Oh, what a foolish risk it was. It really should be illegal. I don’t know why it isn’t. All rational people understand it’s dangerous to drive while listening to Jim Morrison sing “Light My Fire.” Actually, I had been thoroughly reasonable all day, easing out of my motel in San Francisco and carefully driving through the city and safely crossing the Golden Gate Bridge north into lush Marin County and pulling off the freeway in mellow San Rafael and using my innate art radar to determine where the galleries had to be, on Fourth Street, and walking up and down this aesthetically-endowed route and talking to various artists and gallery directors and looking at dozens of delightful paintings and restraining myself with the mandate that I could afford nary a piece I wanted.
You see, I had behaved as a responsible citizen and doubtless would have continued to do so had I not, en route south back to San Francisco, always an ominous destination, decided to enhance my trip with The Doors. Despite the driving beat and incisive lyrics of the first few songs, I’m sure I didn’t speed, though I moved into the fast lane to drive with the big boys. And I did see the toll signs announcing the looming presence of the great orange bridge but by then Jim was wailing, “Come on baby, light my fire,” and I, quite unconsciously, decided I didn’t want to wait in a long, slow toll line, and instead headed for one of the empty lanes to the left, wondering why all those clods kept accumulating to the right.
I’d already grabbed my wallet and was ready to hand over six dollars but the damn toll booth was empty and the doors locked. Sensing I was on camera, I waved and pointed at the booth, extended both palms-up out the window, and tried to look contrite, thinking oh god, this’ll be a five-hundred-buck fine. Looking hard to my right at several lanes with cars emerging from toll booths, I made the decision: I was going to cut across and enter that official building and explain matters. I got through one lane okay, then the next, had to brake hard to avoid a car in the third, and gunned it the rest of the way diagonally across the freeway and into the parking lot where I copied my license number on a piece of paper before dashing inside to announce, “Sorry, it was an accident. Did you see me waving?”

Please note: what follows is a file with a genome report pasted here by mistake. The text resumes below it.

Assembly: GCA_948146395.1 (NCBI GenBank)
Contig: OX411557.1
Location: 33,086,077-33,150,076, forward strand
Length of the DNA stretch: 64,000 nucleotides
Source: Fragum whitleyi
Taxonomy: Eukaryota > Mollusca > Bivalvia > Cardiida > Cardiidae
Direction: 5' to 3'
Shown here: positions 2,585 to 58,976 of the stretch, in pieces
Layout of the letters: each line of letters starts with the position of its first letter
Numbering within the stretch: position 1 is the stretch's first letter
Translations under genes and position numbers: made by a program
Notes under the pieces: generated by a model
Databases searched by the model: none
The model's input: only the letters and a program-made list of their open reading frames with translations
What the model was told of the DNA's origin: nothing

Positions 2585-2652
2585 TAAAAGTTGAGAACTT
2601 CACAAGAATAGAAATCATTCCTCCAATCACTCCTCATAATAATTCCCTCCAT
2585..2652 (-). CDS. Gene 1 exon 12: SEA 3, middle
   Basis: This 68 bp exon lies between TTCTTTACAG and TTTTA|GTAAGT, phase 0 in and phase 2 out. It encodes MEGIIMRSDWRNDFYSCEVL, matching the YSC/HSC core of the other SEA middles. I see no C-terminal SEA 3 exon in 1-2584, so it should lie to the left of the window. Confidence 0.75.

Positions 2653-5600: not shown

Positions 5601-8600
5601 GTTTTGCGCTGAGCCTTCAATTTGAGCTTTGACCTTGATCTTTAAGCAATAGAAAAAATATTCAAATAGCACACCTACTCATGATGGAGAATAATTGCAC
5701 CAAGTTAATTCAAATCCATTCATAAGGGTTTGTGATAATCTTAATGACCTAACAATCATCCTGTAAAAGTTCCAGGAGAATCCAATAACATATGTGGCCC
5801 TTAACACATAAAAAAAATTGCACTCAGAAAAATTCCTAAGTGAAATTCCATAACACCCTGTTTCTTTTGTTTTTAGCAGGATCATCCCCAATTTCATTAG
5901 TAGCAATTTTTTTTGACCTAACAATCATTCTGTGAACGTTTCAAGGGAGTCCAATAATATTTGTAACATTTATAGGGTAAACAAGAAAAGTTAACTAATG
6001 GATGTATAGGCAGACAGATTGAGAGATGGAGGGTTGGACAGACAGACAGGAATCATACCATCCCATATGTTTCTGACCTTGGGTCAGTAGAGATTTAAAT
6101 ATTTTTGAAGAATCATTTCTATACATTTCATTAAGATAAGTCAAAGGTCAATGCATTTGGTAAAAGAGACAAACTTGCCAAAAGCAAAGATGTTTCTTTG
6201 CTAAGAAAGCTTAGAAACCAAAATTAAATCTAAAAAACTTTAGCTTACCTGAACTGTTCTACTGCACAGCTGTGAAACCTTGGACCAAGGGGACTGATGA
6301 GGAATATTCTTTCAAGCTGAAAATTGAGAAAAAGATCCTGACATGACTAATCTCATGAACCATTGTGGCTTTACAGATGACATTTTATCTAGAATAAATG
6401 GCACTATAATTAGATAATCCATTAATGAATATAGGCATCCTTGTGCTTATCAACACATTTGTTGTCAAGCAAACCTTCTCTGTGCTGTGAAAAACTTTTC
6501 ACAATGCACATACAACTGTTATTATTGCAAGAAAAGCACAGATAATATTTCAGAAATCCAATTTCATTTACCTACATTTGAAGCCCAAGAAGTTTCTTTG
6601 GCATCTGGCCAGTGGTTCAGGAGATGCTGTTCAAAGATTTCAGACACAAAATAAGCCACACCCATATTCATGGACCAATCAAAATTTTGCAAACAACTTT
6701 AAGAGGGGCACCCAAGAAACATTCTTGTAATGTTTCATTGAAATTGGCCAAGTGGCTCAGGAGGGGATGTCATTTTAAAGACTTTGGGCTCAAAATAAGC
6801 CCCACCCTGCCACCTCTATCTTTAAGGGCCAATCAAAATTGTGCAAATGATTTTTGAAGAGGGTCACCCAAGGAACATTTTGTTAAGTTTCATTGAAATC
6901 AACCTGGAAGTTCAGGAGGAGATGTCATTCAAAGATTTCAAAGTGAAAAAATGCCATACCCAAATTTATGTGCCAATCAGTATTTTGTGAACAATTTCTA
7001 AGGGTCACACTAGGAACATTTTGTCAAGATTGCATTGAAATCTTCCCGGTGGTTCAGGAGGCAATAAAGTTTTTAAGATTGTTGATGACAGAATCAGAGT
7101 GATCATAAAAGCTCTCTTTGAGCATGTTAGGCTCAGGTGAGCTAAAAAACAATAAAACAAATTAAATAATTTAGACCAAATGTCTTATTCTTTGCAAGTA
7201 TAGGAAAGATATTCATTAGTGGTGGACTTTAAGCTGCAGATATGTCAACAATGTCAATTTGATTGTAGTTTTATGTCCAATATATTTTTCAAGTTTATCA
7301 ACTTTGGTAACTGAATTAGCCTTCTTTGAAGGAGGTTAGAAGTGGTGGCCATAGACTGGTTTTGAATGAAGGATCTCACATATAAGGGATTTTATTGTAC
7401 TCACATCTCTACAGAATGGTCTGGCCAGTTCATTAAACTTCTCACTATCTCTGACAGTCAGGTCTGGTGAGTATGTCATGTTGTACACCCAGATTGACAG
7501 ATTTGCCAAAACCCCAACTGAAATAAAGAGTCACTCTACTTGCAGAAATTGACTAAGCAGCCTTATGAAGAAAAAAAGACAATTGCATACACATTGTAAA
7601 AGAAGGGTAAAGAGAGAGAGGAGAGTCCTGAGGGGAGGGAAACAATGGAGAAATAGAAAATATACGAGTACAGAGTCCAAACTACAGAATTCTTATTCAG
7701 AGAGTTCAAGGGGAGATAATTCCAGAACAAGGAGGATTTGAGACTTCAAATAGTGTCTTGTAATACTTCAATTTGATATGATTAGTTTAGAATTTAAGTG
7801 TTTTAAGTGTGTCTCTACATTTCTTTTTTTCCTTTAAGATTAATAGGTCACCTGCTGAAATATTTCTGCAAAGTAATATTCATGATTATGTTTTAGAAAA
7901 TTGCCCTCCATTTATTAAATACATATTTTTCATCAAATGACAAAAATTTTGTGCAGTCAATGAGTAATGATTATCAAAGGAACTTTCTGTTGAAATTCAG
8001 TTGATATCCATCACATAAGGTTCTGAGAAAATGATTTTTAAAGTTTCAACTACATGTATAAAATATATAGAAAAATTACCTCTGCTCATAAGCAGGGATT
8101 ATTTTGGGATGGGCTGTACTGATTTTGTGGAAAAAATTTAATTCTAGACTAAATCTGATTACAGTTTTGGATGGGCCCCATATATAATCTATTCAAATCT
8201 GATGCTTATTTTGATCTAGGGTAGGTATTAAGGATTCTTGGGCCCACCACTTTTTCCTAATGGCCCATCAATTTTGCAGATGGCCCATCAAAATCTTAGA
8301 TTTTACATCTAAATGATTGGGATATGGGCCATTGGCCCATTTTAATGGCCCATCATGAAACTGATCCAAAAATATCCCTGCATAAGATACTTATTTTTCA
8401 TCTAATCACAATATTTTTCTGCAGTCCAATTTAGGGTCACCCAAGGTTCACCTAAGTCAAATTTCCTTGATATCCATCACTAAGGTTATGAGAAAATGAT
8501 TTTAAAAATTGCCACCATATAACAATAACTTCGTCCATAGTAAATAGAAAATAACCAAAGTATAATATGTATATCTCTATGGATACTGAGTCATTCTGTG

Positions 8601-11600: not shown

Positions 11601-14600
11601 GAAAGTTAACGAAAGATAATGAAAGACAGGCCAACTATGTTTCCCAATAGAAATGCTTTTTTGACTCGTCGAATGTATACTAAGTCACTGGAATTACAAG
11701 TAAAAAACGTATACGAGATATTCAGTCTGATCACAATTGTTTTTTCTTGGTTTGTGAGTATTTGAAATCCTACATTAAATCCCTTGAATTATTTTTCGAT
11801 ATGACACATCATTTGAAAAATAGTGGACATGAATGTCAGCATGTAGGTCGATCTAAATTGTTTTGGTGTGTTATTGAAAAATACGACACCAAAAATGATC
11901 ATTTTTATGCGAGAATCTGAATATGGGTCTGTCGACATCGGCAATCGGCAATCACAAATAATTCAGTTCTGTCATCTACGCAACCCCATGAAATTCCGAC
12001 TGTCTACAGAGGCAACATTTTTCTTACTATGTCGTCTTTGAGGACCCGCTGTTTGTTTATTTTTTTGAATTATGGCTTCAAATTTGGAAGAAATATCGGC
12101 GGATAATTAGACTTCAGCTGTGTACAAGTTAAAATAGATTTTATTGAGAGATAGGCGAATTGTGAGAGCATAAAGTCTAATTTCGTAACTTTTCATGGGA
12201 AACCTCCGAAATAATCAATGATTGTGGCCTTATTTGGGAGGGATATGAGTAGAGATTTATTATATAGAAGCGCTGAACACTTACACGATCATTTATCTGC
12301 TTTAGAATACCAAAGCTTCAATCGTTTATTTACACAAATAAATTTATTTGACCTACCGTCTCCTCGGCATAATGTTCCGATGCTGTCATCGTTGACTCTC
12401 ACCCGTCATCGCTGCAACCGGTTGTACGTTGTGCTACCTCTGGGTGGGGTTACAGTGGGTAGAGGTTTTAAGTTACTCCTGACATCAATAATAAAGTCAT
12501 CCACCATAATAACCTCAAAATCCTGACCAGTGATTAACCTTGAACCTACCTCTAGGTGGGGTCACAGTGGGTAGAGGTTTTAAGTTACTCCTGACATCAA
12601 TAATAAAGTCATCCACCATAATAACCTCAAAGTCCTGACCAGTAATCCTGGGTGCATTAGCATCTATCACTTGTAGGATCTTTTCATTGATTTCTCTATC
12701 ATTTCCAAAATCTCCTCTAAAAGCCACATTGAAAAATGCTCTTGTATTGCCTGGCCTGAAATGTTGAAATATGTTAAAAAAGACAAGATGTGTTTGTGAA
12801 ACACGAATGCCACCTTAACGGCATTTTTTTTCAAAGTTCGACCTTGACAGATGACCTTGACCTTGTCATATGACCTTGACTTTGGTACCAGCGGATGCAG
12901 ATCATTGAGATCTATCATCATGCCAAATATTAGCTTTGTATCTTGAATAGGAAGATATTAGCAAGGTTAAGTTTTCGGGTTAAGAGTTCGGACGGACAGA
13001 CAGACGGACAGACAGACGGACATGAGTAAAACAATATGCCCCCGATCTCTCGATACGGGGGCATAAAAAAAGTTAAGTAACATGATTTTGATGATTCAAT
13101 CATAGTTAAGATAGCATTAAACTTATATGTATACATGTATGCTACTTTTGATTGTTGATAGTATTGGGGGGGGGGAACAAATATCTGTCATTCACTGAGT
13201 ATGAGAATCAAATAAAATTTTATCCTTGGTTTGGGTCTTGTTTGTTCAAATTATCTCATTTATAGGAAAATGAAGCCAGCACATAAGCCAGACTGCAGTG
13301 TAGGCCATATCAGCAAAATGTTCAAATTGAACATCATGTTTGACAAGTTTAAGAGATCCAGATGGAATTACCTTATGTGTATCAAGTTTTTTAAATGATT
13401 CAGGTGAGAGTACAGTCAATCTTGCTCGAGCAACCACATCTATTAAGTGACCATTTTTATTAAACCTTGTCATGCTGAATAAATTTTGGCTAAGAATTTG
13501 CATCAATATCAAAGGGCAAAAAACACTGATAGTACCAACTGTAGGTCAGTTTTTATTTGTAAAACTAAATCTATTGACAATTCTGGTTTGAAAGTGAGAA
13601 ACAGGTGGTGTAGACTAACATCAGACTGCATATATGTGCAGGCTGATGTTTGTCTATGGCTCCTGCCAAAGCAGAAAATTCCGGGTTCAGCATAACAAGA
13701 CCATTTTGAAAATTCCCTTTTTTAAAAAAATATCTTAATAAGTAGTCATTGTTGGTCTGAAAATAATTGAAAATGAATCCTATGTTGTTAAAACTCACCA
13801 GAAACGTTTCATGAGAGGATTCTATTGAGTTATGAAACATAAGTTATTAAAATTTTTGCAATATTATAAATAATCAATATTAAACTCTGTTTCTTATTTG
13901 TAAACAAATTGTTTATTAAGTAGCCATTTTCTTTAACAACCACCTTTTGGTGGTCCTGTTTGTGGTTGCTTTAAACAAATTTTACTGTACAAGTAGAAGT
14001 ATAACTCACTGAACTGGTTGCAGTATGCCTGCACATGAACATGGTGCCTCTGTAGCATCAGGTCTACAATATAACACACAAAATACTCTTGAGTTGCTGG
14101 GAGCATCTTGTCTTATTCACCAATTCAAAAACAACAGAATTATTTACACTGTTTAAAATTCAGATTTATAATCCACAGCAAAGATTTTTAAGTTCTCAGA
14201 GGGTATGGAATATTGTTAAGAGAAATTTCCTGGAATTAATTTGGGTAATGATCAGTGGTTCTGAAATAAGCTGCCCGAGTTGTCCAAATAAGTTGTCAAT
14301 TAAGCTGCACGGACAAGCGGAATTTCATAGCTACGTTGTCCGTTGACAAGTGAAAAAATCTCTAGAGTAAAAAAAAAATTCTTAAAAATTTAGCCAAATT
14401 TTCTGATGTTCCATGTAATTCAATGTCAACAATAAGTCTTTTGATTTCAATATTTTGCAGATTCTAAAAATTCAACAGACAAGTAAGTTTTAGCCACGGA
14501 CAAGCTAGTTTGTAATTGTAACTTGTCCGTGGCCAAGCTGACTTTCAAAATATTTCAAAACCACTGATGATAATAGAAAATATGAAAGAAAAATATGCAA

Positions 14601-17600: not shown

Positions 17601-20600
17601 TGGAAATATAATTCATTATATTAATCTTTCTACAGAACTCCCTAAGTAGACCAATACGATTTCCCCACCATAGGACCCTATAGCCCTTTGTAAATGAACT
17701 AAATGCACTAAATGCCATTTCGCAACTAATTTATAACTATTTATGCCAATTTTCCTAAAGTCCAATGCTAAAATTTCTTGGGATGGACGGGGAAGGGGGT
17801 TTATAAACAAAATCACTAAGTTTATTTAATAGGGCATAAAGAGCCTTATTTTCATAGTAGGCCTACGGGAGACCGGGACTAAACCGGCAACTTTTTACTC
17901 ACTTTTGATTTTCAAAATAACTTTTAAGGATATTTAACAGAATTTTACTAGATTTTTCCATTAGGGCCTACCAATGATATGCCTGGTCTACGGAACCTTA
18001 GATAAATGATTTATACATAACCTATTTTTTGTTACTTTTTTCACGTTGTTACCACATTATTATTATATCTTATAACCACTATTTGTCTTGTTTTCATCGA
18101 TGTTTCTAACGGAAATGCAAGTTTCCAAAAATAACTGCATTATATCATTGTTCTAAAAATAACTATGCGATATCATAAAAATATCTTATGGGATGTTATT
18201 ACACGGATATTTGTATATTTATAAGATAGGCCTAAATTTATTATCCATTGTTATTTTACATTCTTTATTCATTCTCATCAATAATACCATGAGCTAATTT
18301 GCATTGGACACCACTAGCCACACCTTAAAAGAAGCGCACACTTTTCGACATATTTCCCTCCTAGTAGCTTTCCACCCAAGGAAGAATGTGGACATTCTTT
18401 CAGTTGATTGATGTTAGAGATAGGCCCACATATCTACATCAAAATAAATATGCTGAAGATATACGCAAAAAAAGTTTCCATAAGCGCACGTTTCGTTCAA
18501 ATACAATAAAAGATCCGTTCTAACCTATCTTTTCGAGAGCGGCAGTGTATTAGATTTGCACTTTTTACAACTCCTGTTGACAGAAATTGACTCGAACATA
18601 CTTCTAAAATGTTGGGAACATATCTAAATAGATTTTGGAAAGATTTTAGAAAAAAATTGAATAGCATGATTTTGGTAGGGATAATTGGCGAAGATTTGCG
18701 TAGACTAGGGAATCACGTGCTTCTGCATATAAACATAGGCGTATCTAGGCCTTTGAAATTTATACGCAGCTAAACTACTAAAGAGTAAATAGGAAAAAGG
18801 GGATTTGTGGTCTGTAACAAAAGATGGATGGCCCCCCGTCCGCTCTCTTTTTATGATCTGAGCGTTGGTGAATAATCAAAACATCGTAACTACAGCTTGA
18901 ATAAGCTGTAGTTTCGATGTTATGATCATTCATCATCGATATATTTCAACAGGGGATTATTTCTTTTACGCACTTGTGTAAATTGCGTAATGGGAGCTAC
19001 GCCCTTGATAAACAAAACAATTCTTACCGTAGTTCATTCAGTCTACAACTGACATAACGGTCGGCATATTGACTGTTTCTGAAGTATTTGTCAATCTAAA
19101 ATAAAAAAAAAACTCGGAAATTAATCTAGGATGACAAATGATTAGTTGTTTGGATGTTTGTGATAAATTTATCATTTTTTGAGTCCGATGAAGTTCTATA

Two members of the Golden Gate Bridge’s Sergeant’s Office, one staffing a computer facing the toll area and the other at the service counter, were quite friendly. The man at the computer asked what kind of car I was driving. “A Honda Fit,” I told him.
He said, “License number…..”
“That’s it,” I replied.
The other officer filled out a form, accepted my six dollars, and said, “If you get a ticket, just send them a copy of this receipt. But I don’t think you’ll get one.”
“How much would it have been?”
A female colleague emerged and handed me a brochure titled “Your Ticket to the Fast Lane” and explained I could save a lot of money using FasTrak, which, once you’ve signed up for a prepaid account, will send you a “small electronic toll tag…that’s easily installed on the windshield inside your car. Each time you use a FasTrak facility, an overhead antenna reads your toll tag and FasTrak automatically deducts the appropriate toll from your prepaid account.”
“How much is the toll then?” I asked.
“Five dollars,” she said.
“That’s twenty-five dollars a week, a hundred a month. I’m just a tourist.”
“It’s good for a lot of bridges, and you only buy the plan you need.”
Damn, you’ve got to be rich to live in the Bay Area. I knew I couldn’t afford a house but was surprised I’d have trouble making toll. I thanked Jim Morrison for enlightenment as I sheathed his CD and put it under the seat.